I’ve talked a number of times about conservatism here and elsewhere, but rather little about liberalism. If I’m a liberal, what does that mean? I think I now have a clear description of what I think it means to be a liberal. If I were to try to state what I think liberalism stands for in one sentence, giving it a sort of mission statement, I’d say this:
We the people have the right and the responsibility to manage our social institutions so that they work to our benefit.
In other words, if our political and economic systems are not serving us, we have the right to choose ones which do. We have every right to modify, adjust, debug, or even wholly replace our laws and public institutions in order to improve their outcomes. They are ours. We created them, and their purpose is to serve us, and not vice versa. And when an institution is working badly, we don’t just have a right to adjust it, but a duty. Neglect and inattention to problems with them are irresponsible.
When I listen to conservative critiques of liberal ideas, it seems to me that no matter what kind of conservative perspective it comes from — whether feudal or theocratic or law-n-order or laissez-faire capitalist or even anarcho-libertarian — what they have in common is a refusal to admit this right to choose. They may claim that it’s impossible, that it’s unworkable, that it’s immoral, or that it’s just too risky… but all come down to someone with power telling you that you need to accept and embrace and surrender to the system as it is, or as they would like to make it. They all agree that for you to change the system to your taste is unacceptable — that it’s wrong and harmful for you to try. They expect society to work by certain rules, and once those rules are established, they get treated as sacrosanct. And in the end, they see themselves as having the moral authority to decree what is right for society, while you lack that authority unless you happen to agree with them.
Even those who boast of seeking to lift the burden of law from you as much as possible, in the name of liberty, follow this same pattern: they treat their no-rules metarule as morally inviolable. And if the consequences of living within their system turn out to be harmful or limiting to you, that’s your problem, not theirs. You should have worked harder to make the best of the hand you were dealt. And if you ask whether the people as a whole are better off with these rules, their answer is either propaganda that says “of course they are” with no data to back it up, or to tell you that your question is the wrong one to ask. Their goal in this is to exclude discussion of alternate choices — to pretend their way is the only real alternative.
Any system will develop problems if you leave it running long enough without adjustment. Rules that seem balanced and fair at first start to produce uneven rewards for those who have a chance to take advantage of loopholes or artificial opportunities, or they start encouraging unhelpful behaviors that weren’t intended by the drafters of the laws. The way to handle these problems is to dynamically adjust the system as you go along. By responding actively to issues and problems, you can keep imbalances and flaws from blowing up to catastrophic size. Liberalism is not just the recognition that we have the right to drastically rewrite the social order if necessary: it’s also a recognition that we have a responsibility, once we have a good system, to constantly make small tweaks and adjustments to keep it running well. Policy has to be active and responsive, not static holy writ. In other words, we need to govern. We do this ongoing adjustment of policy on the basis of whether the system is producing desirable outcomes, not by whether it embodies desirable moral virtues on paper. Antigovernment ideology basically says we should let problems run their course unabated, instead of allowing ourselves to catch them small — they’re telling us that to actively fix things is not a job we can be trusted wth.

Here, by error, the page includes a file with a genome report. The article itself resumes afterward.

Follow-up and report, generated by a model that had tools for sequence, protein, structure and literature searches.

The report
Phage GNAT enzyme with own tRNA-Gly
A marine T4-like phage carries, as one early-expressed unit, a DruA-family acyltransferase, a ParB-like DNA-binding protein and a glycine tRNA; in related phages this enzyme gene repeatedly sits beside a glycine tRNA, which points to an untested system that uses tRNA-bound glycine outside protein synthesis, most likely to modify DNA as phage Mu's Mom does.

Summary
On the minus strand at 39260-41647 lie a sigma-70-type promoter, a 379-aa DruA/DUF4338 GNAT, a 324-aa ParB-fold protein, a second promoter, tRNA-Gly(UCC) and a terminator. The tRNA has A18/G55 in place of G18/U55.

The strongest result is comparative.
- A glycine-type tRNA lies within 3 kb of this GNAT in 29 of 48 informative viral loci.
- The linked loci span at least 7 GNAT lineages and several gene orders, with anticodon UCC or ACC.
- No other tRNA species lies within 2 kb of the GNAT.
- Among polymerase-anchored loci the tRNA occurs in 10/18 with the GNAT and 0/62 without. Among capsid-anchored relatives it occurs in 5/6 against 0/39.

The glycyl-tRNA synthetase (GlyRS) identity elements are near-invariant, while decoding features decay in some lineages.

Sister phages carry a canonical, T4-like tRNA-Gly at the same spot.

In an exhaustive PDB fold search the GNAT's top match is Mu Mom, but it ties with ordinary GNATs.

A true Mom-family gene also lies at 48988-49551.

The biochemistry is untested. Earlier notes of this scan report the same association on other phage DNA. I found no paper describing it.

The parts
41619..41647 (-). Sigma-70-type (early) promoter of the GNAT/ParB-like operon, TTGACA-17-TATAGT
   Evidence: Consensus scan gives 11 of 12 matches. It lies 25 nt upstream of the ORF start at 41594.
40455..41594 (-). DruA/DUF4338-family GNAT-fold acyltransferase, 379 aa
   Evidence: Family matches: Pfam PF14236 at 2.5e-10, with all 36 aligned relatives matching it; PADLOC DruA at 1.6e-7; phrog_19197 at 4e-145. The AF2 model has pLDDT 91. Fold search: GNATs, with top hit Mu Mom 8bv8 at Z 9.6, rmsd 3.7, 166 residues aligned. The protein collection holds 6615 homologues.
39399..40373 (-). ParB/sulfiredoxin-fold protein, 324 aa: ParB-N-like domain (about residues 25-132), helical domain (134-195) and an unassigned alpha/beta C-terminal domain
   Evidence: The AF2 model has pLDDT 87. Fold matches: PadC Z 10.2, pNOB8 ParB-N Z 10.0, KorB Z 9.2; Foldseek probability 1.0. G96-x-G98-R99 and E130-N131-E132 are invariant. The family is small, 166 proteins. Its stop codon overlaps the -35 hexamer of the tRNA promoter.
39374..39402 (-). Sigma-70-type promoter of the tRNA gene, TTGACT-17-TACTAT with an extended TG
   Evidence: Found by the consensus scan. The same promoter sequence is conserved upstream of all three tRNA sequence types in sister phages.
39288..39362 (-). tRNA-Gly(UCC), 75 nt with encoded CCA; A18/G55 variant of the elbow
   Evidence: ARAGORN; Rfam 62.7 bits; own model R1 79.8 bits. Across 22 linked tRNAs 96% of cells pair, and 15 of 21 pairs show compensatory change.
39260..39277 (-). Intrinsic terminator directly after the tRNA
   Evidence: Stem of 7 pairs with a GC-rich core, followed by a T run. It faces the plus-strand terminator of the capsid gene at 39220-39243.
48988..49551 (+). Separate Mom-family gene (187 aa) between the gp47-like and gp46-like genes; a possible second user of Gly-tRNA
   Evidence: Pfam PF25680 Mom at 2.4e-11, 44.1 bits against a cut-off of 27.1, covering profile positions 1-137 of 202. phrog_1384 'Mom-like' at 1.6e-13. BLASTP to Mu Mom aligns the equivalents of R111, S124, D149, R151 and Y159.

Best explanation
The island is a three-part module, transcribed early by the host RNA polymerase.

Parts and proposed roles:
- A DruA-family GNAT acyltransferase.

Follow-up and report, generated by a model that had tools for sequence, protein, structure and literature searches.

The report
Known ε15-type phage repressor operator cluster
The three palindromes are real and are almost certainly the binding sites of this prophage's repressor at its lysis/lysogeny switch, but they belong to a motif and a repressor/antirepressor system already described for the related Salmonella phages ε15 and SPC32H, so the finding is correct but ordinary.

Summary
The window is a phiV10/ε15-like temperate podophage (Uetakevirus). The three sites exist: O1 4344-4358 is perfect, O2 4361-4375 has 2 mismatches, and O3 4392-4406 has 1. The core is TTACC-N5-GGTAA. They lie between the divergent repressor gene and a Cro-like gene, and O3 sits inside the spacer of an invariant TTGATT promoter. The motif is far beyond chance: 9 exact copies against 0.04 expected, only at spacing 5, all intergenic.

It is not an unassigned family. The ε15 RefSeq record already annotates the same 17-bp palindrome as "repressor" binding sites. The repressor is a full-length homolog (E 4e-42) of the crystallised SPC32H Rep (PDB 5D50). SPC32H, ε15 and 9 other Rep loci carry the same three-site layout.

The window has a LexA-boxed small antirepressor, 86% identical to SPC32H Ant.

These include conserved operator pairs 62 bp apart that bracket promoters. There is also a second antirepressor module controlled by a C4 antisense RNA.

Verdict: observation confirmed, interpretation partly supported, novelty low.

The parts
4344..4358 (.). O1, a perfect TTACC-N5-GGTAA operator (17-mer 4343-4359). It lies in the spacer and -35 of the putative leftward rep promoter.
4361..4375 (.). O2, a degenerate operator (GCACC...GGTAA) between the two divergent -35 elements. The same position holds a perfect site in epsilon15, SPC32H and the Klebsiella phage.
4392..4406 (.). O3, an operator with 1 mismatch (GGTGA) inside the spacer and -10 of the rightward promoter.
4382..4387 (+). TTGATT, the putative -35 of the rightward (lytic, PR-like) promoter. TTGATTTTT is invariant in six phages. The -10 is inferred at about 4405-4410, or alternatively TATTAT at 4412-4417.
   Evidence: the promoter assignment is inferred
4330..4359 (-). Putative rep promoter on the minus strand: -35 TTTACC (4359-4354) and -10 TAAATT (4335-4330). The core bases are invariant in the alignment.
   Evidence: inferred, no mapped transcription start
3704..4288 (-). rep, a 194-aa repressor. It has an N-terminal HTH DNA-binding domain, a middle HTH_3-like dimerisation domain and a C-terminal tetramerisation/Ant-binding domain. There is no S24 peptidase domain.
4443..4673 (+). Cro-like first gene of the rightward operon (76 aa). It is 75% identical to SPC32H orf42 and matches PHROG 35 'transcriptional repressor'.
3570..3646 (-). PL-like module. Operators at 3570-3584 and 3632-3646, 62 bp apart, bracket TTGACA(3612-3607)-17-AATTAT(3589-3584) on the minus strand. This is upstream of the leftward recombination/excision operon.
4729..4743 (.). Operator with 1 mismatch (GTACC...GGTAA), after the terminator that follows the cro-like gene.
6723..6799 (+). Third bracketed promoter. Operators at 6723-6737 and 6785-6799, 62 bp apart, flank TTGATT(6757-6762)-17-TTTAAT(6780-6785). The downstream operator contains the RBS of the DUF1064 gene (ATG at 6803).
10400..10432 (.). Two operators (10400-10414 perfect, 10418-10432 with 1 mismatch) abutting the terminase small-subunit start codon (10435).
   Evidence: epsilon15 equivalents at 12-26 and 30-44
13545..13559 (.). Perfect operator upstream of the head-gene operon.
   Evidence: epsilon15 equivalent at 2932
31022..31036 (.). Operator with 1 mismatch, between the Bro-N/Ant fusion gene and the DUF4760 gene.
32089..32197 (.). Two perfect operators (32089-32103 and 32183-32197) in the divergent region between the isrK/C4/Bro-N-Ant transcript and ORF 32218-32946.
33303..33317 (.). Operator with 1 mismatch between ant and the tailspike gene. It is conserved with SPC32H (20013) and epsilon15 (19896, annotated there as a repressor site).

One common way — possibly the most common way — that a social problem can grow out of control is the development of a privileged ruling class. In the end, what system you pick initially almost doesn’t matter: whether it’s tribal anarchy, warlordism, feudal aristocracy, theocracy, corporatism, anarcho-capitalism, socialism, or communism, they’ll all eventually produce a minority group which has large and increasing power, while the power remaining with the majority decreases. This is because whatever allows one person to get a little bit ahead of those around him will then allow him, once he’s gained that ground, to improve his advantage further. Any system will have some tendency to be pulled toward this outcome, no matter what principle it starts with! The only way history has shown that this growing advantage for a few can be held back, is when the people have the agency to make countermoves to check the growth of excess power and privilege, in whichever particular areas it starts to crop up. This is why we have things like banking regulations — because they were needed in order to counteract the concentration of wealth and power into places where they no longer benefit society. They were a pragmatic empirical response to an observed problem that was undermining the working of capitalism. When such regulations are repealed, that undue concentration comes right back, so we need to keep them.